One-Page Lean Business Plan Template
Download One-Page Lean Business Plan Template
This one-page template uses a Lean approach to develop your business plan. Use this customizable template to detail the crucial elements of your strategy, including a brief business and industry overview, your product or service offering, options from your competitors, and your competitive advantage. Plus, this template includes room to detail your marketing plan, success metrics, financial plan, and a visual timeline of milestones.
One-Page Business Planning Template with Timeline
Download One-Page Business Planning Template with Timeline
Excel | Smartsheet
Use this business planning template to organize and schedule key activities for your business. Fill in the cells according to the due dates, and color-code the cells by phase, owner, or category to provide a visual timeline of progress.
One-Page Business Plan Example
This one-page business plan covers all the essential elements and offers a visually appealing presentation. Information for each aspect of the plan is concise, with details about the business mission, management team, product offerings, key marketing activities, competitors, and financial projections. This plan also provides links to additional resources so that stakeholders can easily find information to support the specifics of the plan.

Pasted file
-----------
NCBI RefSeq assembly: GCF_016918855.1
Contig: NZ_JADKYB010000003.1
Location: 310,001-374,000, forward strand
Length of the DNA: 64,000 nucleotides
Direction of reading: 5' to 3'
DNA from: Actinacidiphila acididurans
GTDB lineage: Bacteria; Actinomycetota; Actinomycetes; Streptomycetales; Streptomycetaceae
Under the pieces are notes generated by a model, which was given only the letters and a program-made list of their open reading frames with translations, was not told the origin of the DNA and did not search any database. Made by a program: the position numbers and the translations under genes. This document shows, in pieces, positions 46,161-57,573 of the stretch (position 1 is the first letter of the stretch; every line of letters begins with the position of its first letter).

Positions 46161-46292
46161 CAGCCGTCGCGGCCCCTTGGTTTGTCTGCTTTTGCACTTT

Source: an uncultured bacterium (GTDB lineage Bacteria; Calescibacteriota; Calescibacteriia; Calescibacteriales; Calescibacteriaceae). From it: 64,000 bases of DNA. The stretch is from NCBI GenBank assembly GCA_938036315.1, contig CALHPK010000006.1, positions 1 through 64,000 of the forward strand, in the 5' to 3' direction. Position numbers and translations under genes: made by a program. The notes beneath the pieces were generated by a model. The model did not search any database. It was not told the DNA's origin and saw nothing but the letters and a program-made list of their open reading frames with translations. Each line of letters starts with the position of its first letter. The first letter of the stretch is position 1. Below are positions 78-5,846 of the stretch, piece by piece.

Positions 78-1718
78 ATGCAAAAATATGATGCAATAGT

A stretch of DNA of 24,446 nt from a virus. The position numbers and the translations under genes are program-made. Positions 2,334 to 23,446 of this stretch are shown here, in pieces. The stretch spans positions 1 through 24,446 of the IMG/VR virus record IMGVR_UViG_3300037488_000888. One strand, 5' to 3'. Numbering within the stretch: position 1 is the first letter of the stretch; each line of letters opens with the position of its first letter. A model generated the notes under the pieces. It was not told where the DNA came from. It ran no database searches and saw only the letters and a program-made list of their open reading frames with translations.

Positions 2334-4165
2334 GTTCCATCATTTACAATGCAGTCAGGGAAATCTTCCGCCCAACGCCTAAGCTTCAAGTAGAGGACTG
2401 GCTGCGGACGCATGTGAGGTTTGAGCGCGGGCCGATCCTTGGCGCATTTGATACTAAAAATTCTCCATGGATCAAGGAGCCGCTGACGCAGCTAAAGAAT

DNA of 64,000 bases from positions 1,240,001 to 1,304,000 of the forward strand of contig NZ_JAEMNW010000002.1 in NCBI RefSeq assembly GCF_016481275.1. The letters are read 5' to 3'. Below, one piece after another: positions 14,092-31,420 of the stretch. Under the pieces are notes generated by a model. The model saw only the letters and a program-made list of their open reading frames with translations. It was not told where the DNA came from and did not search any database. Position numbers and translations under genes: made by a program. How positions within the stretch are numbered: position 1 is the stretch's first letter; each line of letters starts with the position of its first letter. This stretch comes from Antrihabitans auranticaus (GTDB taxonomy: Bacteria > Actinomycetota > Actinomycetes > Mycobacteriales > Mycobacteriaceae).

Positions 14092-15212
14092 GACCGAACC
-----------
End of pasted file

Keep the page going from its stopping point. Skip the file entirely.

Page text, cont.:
How to Write a One-Page Business Plan (with Sample Outline)
A one-page business plan takes a standard business plan and extracts the fundamental aspects, then condenses the essential information down to one page. To determine the key elements to emphasize in your one-page plan, consider the type of business you operate, as well as the financial (and other resources) needs of your business.
To streamline your business plan into a one-page document, follow the steps below.
- Create a simple outline for your plan using bullet points. Below, you’ll find an example of an outline for a one-page business plan. You can add or remove sections according to the needs of your business.
- Business mission
- Problem you are solving
- Funds needed (if applicable)
- Product or service positioning statement
- Unique value proposition
- Target customers
- Market size
- SWOT analysis
- Direct competitors
- Existing alternatives
- Competitive advantage
- Key marketing strategy (e.g., channel or method that will yield the best results)
- Key sales strategy
- Specialized equipment or facilities
- Staffing requirements (e.g., key personnel, skills, and training needs)
- Distribution method
- Sales projection
- Profit and loss projection
- Gather all your findings on your business and industry.